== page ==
Give me a hospital birth any day

Third World mothers like me remain grateful to the professionals for making childbirth risk free.
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The Independent Culture
I WAS born in Uganda weighing three-and-a-half pounds, all purple and not unlike a medium-sized aubergine according to my mother. A day later, already seriously ill through loss of blood, she contracted meningitis and both of us nearly died in what was a shamefully bad colonial hospital.

Today, the picture is even more grim, not only in Uganda but in many other countries. According to the World Health Organisation, and the World Bank, 1,600 women die in pregnancy and childbirth daily across the world. It is the equivalent of a Titanic sinking every day. In the UK, only one women in 5,300 dies through complications in childbirth. One of the reasons for this (besides wealth inequality which is growing all the time in this so called globalised world) is that medical intervention is available to all of us and it is free and mostly excellent.

This is why I find the whitterings of organisations like the National Childbirth Trust (NCT) so irritating. Ever since the Seventies, there has been an orchestrated campaign by such organisations and childbirth gurus like Sheila Kitzinger to romanticise natural childbirth and to attack the medical establishment as hostile to the rights of mothers who all apparently want to dance in the meadows with daisies in their hair, mugs of elderberry tea in their hands, and then squat somewhere nice to bring baby into the world. Only every time they are found doing this vile men in white coats take them away to hospital wards and cut them open so that the children are born within office hours.

This campaign has even succeeded in influencing the Department of Health and local health authorities and trusts. Women in this country have been encouraged to fear hospitals and highly qualified staff, except midwives who are all lovely and without fault. This is absurd. Without doctors, surgeons and nurses to provide essential care when crises arise - and they do frequently and unexpectedly even for women born to breed - what we call natural childbirth would be unsustainable.

Third World people like me, remain enormously grateful to the British medical professionals for the way they have succeeded in making childbirth an almost risk-free activity. I have had two children 16 years apart. Both were complicated deliveries and in both cases I chose - like many other black and Asian women - to suffer as little pain and complication as possible. Perhaps this is why the NCT remains white and middle class, much favoured by the folk of Sussex and Norfolk. Yes, good midwives can do the job well and to the satisfaction of all. But for many of us, childbirth is a difficult and dangerous process and we need all the help we can get.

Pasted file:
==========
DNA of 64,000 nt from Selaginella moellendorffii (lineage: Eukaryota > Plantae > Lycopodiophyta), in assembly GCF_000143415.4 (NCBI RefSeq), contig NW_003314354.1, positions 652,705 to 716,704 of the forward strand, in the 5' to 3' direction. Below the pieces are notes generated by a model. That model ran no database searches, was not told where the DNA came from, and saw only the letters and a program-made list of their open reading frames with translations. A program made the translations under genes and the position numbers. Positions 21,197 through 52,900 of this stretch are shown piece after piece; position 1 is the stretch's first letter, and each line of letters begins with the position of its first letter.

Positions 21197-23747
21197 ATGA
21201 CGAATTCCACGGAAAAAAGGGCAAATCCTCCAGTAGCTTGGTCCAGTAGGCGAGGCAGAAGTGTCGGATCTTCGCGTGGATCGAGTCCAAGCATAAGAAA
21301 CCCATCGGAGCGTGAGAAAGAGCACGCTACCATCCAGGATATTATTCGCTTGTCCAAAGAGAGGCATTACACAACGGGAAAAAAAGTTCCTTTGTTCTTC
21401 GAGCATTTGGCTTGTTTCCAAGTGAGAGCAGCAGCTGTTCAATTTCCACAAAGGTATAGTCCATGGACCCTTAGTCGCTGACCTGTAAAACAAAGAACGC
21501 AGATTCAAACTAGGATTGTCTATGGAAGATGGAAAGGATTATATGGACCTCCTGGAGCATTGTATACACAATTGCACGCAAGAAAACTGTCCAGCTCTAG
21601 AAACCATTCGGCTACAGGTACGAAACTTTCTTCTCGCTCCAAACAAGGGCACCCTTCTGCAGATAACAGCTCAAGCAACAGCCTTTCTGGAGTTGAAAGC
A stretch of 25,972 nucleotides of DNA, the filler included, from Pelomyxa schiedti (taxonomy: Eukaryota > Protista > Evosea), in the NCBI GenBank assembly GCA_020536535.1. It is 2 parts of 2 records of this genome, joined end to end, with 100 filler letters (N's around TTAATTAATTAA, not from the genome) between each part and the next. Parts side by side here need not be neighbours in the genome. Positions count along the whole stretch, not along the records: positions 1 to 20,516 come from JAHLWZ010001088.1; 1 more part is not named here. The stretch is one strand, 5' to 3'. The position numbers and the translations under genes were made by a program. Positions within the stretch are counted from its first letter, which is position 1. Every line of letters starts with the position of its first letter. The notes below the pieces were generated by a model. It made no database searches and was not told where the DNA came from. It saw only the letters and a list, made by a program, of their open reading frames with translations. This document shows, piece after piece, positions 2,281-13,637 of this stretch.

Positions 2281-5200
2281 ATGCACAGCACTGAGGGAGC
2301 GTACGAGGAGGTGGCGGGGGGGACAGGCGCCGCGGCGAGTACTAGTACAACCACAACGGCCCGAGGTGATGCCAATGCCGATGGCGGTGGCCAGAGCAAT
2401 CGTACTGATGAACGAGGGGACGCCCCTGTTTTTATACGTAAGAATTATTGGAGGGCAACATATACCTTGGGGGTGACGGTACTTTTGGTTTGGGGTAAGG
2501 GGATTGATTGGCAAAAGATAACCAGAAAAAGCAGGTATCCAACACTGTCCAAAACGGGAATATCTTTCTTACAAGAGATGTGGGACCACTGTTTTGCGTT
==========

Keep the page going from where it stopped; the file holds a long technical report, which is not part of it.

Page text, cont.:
And yet the very people who provide it are treated with increasing disrespect. Now we have another whinge. New NCT research has indicated that 50 per cent of doctors oppose home births. They still tell women that home births are dangerous and "insist on making their own choice regarding maternity care". The NCT press officer told me that women were being "coerced" into making decisions they did not agree with. I am sure there are some authoritarian doctors who are indifferent to what patients want. But 50 per cent?

Could it be that in many cases it is genuine concern which makes GPs reluctant to support home birth? With increasing numbers of law suits against doctors can you really blame them for not wishing to take undue risks with their patients? The NCT tells me that when the situation is "normal" home births can be safer than hospital births. Well what is normal? And who does not know a story where a normal pregnancy turned very rapidly and frighteningly to abnormal? And do they care about the fact that thousands of women now feel failures because they had to have intervention and therefore feel themselves to be imperfect mothers?

And this business of choice is also problematic. Many NCT graduates go forth armed with extraordinary expectations which can only end in tears. When I was at Queen Charlotte's having my daughter, one fundamentalist couple had written instructions on their birth plan that even if the mother screamed and begged for it, no pain relief was to be administered. Another mother was inconsolable because she had to have an episiotomy and then found it impossible to breast feed.

I think it is great that so many women give birth easily and flow joyously with milk. But please don't assume that all women are like that and stop maligning the people who by their very existence make sure that we are all, natural and unnatural mothers, equally protected from harm.

Deliver me from hospitals, Review, page 8